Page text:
Read expert advice on what you need to know before tiling your bathroom
This unusual bath is not only bucking the curved tradition, it’s also incredibly high-sided, which would give your showering experience quite a different feel.
To keep any shower curtain in tip-top condition, you need to stretch it out after each use so it can dry, and remember to wash it frequently to prevent it yellowing or developing mould.
Explore 9 naturally beautiful bathrooms
Keep your controls simple
The controls for this shower work well in a period house setting. Rather than having modern knobs built into the wall, as is the preferred option for many over-bath showers, or a separate valve that works independently from the bath taps, this design has everything controlled from the bath mixer.
Note, too, the oval, ceiling-mounted curtain rail, which provides a little more arm room than its circular cousin.
Choose statement shower curtains
Usually restricted to a supporting role, the shower curtains in this Edinburgh flat are the stars of the show. They’re backed with a plastic curtain, and the fabric itself is lined with pink ticking, making them feel as luxurious and heavy as any statement window drapes and giving this space the less ‘bathroom-y’ feel its owner was after.
Here, the fixed-head shower and hand-held extension are positioned on separate walls, so the latter, fussier part of the shower is tucked behind one of the curtains, leaving the prettier part on show.
Tuck it around a corner
Build in an extra sense of privacy by positioning your over-bath shower in an alcove. This will also better mimic the feel of a separate shower, should that happen to please you.
The wall that’s been built out in order to fit in the basin and the loo’s concealed cistern provides just enough room to tuck yourself away. And with the glass screen, the rest of the room is unlikely to get splashed as you shower.
For this arrangement to work in a family bathroom used for bathing small children (or, indeed, small dogs), you might want to put the bath taps, along with a hand-held shower extension, at the visible end of the bath, and move the niche shelving up or along, for easier access.
Go for gold
Don’t let anyone tell you an over-bath shower can’t be a showstopper. This marble and gold combination is just about as lavish as you could get – elegant, glamorous and eminently practical, with that lovely large shower rail providing plenty of splashing space.
The attention to detail is particularly pleasing; check out the brass window finger lifts and door hinges to match.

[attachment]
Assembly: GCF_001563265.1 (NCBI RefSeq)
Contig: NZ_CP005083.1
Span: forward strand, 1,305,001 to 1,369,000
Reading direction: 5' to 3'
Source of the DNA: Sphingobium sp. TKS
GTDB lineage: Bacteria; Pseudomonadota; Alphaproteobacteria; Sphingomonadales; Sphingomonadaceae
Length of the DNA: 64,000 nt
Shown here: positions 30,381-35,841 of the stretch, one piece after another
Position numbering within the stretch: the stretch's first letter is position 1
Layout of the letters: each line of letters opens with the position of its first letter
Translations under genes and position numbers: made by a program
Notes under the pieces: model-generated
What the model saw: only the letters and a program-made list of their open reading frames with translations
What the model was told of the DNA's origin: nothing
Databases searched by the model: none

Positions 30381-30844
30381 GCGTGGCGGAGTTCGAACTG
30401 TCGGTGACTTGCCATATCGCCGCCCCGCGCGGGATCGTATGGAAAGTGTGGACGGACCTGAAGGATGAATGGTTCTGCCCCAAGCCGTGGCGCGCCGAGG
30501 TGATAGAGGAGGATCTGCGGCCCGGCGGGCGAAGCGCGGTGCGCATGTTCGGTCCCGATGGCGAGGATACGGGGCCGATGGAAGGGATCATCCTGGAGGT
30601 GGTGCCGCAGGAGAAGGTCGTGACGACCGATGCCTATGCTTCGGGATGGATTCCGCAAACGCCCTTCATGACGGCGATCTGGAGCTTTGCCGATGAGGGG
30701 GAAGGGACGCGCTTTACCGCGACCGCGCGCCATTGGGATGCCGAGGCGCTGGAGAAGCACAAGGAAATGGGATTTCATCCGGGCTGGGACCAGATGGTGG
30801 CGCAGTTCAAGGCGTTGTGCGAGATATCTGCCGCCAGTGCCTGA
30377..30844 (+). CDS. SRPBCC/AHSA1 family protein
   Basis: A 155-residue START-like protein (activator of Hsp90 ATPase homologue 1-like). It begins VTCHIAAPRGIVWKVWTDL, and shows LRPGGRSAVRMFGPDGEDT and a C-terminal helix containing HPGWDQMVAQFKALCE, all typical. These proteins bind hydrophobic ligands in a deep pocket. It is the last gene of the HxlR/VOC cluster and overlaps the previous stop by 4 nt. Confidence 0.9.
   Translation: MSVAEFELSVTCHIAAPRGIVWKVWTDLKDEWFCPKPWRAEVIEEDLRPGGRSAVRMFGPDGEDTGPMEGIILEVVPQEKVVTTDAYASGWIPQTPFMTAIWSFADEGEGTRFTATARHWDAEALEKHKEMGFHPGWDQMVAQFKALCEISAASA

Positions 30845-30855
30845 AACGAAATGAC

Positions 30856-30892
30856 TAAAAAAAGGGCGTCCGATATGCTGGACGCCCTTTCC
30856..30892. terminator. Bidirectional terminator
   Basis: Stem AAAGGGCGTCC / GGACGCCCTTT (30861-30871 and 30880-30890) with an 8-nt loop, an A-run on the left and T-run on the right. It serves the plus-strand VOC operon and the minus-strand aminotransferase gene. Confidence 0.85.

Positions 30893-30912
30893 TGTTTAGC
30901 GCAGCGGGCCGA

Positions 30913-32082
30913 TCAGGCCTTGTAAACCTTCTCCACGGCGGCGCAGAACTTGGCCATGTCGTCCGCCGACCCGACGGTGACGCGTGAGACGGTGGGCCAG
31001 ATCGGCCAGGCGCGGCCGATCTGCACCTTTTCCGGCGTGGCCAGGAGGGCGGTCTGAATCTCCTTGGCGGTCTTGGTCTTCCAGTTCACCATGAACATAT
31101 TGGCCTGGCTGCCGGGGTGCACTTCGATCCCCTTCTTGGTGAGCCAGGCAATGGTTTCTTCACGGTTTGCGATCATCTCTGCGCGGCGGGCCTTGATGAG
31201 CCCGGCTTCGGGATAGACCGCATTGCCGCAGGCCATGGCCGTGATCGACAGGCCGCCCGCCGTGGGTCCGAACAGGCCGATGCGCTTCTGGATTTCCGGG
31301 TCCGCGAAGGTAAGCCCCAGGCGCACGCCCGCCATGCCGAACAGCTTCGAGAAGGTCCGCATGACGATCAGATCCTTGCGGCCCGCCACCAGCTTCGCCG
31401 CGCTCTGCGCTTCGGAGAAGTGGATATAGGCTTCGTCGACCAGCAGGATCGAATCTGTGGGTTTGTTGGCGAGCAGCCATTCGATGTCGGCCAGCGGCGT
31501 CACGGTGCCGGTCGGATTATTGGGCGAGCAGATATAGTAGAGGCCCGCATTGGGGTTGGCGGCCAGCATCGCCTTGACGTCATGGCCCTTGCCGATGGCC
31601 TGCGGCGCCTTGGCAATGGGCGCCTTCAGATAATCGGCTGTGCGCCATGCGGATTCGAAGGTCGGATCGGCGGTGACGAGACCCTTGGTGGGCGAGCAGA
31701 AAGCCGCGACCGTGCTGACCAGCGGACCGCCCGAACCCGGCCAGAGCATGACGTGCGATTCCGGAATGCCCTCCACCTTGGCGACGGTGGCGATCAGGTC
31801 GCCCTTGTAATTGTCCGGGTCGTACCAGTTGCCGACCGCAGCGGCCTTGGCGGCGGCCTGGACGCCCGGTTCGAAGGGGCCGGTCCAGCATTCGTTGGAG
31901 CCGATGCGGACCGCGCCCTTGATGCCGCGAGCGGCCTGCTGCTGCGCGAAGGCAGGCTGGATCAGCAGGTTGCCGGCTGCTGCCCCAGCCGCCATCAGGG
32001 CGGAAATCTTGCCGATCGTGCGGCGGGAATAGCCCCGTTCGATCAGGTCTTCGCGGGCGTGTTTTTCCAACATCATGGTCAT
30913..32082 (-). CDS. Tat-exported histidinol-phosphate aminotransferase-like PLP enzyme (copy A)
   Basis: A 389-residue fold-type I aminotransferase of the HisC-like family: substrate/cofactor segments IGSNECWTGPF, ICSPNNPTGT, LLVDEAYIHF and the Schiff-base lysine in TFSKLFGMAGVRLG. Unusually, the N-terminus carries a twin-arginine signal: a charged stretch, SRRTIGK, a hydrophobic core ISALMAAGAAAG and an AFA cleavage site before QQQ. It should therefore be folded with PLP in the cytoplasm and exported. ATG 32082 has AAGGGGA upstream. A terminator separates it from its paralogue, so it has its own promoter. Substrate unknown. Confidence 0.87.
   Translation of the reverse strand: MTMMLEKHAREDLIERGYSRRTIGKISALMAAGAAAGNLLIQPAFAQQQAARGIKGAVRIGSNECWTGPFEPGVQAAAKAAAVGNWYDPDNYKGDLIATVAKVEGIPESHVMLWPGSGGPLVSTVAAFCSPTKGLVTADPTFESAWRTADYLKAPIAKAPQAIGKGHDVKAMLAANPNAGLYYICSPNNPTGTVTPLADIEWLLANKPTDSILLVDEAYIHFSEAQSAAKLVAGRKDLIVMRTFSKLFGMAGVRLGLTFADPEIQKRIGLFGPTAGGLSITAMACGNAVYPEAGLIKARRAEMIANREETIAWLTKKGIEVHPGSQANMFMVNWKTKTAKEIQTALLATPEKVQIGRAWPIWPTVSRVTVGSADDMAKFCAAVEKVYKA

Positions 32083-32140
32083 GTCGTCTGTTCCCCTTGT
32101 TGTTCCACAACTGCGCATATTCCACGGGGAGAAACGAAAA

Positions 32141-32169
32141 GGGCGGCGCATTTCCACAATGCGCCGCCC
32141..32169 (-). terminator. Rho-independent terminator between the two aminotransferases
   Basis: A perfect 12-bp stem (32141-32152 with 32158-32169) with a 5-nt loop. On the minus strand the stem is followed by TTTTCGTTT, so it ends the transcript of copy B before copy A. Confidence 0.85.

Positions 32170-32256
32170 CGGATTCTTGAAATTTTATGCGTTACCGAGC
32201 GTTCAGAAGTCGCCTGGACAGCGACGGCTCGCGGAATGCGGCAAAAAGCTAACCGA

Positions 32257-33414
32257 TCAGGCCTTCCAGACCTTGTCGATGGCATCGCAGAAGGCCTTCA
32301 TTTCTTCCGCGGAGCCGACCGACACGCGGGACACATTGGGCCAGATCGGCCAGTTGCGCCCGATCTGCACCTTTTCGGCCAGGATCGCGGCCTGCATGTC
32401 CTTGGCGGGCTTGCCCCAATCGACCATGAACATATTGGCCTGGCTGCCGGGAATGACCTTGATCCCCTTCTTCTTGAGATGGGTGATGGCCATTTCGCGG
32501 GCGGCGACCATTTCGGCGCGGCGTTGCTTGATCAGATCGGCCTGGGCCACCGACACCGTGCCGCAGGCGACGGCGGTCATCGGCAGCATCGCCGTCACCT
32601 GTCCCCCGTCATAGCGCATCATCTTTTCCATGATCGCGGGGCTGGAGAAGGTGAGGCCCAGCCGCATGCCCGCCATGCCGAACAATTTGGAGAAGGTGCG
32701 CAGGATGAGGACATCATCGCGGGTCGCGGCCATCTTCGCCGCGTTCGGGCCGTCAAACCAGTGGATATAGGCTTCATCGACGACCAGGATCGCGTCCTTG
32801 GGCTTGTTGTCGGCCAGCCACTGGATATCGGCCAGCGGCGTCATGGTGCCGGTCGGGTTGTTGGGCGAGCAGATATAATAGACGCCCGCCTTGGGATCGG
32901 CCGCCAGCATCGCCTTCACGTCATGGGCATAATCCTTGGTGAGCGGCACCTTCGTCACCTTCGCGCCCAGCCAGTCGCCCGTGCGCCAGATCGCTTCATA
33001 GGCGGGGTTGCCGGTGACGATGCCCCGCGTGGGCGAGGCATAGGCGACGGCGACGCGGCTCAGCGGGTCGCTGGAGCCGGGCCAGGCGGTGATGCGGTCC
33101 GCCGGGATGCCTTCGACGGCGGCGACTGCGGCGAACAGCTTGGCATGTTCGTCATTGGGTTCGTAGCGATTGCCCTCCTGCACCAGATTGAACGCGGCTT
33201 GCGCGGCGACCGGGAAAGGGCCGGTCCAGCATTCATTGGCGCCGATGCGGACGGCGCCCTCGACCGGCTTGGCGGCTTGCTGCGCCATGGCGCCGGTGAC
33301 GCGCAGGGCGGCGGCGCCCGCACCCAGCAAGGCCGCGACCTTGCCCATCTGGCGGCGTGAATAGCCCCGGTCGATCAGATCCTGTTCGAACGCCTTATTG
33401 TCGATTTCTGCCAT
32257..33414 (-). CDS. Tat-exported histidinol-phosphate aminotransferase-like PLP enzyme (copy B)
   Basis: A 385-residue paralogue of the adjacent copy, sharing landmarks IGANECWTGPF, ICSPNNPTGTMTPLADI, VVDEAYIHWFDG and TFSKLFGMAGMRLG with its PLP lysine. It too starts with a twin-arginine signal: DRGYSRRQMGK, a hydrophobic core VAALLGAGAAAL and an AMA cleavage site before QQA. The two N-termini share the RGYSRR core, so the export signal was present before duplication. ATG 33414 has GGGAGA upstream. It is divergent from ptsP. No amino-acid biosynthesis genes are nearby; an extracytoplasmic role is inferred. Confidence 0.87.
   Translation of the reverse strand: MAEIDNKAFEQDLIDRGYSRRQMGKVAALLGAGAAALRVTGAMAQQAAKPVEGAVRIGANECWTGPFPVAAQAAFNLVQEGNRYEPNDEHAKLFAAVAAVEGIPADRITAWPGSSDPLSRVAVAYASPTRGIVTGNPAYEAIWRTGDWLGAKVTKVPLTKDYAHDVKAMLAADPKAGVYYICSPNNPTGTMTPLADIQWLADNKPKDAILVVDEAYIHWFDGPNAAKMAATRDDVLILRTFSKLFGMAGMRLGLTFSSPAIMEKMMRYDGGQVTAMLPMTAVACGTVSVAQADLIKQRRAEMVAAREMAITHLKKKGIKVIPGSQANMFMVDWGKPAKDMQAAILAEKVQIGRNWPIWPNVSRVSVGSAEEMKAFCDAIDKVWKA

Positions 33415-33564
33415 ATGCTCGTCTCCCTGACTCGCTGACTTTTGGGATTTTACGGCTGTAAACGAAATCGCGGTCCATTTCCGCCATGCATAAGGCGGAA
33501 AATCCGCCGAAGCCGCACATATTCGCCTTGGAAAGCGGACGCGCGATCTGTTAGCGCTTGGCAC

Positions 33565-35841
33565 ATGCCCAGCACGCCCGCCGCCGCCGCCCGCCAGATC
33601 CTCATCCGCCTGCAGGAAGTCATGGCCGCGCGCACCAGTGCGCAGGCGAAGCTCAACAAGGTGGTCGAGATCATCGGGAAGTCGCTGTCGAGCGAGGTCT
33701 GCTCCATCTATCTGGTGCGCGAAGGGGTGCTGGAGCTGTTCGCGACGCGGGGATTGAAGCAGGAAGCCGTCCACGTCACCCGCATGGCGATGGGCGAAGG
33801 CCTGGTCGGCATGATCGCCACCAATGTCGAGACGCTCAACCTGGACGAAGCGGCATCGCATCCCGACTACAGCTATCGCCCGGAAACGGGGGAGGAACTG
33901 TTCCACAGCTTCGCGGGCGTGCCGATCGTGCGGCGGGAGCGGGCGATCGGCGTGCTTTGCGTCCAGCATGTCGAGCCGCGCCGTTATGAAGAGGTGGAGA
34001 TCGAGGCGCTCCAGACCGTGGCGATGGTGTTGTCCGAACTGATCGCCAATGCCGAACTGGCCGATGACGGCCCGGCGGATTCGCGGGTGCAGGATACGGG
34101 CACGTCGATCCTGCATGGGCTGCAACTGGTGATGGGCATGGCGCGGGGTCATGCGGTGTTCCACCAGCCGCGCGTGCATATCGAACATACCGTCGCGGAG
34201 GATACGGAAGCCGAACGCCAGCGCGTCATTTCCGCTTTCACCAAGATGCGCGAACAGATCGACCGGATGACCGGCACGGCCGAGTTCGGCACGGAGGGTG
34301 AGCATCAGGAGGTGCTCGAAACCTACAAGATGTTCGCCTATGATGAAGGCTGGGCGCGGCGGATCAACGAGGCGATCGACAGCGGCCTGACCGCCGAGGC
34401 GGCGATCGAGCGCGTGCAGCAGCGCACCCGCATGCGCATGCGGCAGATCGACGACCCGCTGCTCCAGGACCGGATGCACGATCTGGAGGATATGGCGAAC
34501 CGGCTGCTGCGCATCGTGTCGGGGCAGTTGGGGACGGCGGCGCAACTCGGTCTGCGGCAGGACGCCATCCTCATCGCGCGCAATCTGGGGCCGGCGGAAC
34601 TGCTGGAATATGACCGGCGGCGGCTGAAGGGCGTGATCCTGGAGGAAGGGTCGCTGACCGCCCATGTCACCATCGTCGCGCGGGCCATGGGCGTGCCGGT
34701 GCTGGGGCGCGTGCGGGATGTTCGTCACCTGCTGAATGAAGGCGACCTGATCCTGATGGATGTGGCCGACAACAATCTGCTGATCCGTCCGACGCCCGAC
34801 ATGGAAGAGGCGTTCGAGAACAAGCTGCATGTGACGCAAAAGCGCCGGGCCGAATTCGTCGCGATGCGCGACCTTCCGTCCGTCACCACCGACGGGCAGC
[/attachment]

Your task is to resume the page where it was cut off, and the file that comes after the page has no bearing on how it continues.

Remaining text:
If you want to take things to an ultra-contemporary level, consider swapping a round showerhead for a square or rectangular one, as seen here. This works especially well in this bathroom, because the bath and its clever side storage panel are also square-edged.
To go the extra, angular mile, you might like to seek out rectangular controls, too. You can even find hand-held showers with sharp edges.
Try a touch of frost
Frosted glass, that is. This shower screen offers peepholes should they be required, but also a calming sense of enclosure and privacy (potentially a boon if you have a door-open bathroom policy in your home).
There are so many types of shower screen on the market, not only in terms of the type of glass, but also the fixing options and dimensions available – including curved, folding, sliding, hinged and fixed. Corner a knowledgeable salesperson in a shop that sells lots of these designs and find out which will work best with your space. The last thing you want is to discover your stunning new shower screen is too long, or doesn’t have room to open and so has to be clambered around in order for you to step into the bath.
Celebrate clean and crisp
This pristine, contemporary take on the over-bath shower shows just how modern and slick the combination can look.
Note that a shower curtain in this style of bathroom would soften the crisp, clinical effect – but might also spoil it.
Put up a print
Wallpapering around your bath may seem like a strange and impractical idea, but a decorator’s varnish can give your wall covering the waterproof finish you’ll need. It’s not something you’d perhaps be able to work around a more enclosed, standalone shower so easily, but this fun design shows what a great way it can be to make good use of those two, very visible walls.
Do you have an over-bath shower? If so, how have you styled yours and would you swap it if you could – or have these beauties persuaded you otherwise? Share your thoughts in the Comments below.